EER: KSU needs to fill 3 holes on the offensive line. Is this a concern, or is the depth there to move forward?
Up front, remember the return of senior tackle Manase Foketi, who received a medical redshirt following a blown Achilles early last year. Also, if there was a lot of trepidation here, a sizable piece went away during the KSU spring game. A couple of redshirt freshmen really stood out. Both Boston Stiverson and Cody Whitehair appeared to have the "it" to their game where they should at the very least battle for starting spots come August and probably win them. The overall view is extremely bright on the line considering those two can go along with sophomore center BJ Finney, who stepped in last season and flat dominated. He was a true freshman last season, but I like to refer to him as an "old soul." In talking with him, it seemed like he had been a starting lineman at KSU for years.
So, it may take just a little time to settle in next season, but overall, the future is pretty darn bright for the O-Line.
EER: What kind of atmosphere is Manhattan, Kansas on a Saturday?
I'm sure you all would be willing to put Morgantown up against anybody, and I would do the same with Manhattan. The town is simply gorgeous on Saturdays when every light post has a flag, every business marquee has a message well-wishing the team, and the streets are packed with purple-wearing fans. The mood is always festive and energetic, and on great weather days, it's off the charts. Great games always help ratchet up that factor, of course. Last year, for example, when 6-1 Oklahoma came to town to face 7-0 K-State, the parking lots and streets to the stadium were jammed a good five hours before a 2:30 p.m. kick. Too bad the game was so one-sided...and not for the home team.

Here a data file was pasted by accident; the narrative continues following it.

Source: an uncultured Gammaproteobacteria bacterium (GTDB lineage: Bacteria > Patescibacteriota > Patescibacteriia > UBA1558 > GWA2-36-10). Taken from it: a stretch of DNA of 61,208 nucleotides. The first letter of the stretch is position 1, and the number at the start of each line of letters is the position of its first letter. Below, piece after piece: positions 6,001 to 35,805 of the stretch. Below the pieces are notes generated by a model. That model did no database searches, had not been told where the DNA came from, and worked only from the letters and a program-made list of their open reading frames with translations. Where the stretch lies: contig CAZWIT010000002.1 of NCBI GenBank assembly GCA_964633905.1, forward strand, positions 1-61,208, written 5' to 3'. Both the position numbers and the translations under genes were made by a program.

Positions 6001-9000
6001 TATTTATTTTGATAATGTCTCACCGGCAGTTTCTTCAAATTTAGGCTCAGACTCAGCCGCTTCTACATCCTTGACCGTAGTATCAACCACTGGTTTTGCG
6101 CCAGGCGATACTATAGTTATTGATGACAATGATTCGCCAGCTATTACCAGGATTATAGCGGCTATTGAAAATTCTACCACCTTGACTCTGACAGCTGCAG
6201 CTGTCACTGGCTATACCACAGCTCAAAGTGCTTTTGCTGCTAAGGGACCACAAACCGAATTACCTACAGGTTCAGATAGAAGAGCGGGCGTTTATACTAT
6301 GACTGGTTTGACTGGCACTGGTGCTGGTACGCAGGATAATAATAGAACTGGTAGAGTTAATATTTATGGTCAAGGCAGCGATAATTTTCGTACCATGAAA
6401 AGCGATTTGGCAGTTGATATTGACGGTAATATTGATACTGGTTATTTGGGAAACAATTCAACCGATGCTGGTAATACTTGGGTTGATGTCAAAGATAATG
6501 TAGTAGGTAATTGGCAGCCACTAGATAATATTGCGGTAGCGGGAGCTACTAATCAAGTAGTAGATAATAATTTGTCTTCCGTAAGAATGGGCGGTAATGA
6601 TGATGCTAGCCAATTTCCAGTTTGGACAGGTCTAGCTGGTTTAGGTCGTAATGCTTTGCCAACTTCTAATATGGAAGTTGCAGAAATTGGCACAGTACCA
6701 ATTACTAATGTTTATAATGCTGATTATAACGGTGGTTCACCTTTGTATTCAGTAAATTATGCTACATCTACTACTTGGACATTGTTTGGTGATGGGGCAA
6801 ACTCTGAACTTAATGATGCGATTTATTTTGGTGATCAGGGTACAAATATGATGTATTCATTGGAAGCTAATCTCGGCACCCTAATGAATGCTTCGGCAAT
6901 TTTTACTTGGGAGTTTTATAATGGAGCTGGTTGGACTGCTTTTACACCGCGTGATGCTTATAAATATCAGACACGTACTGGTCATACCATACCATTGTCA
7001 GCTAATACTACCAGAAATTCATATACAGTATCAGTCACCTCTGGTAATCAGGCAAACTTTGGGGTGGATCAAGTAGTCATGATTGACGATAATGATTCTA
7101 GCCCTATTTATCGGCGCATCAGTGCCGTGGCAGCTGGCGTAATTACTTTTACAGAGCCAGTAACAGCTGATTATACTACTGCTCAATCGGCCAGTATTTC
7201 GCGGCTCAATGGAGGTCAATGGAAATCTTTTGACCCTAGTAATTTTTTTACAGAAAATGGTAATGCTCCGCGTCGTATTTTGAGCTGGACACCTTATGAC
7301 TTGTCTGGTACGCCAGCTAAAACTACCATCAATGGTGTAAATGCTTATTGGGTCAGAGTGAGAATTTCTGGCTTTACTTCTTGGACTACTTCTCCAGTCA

Wait until WVU makes a trip here. You'll see what I mean. The place is magical.
EER: Is there anything else you want Mountaineer Nation to know?
I'll just say thanks for the opportunity to share with you and your readers. And, if you/they like straight sports coverage and/or blogs, always feel free to drop by the blog and leave comments. We're all Big 12 fans (now...ha.), and I welcome the conversation! Thanks again, guys!
We appreciate Curtis taking the time to talk some football. Be sure to check Curtis out on the radio in Kansas City. You can follow him on twitter @curtiskitchen and you can check him out at www.curtiskichen.com.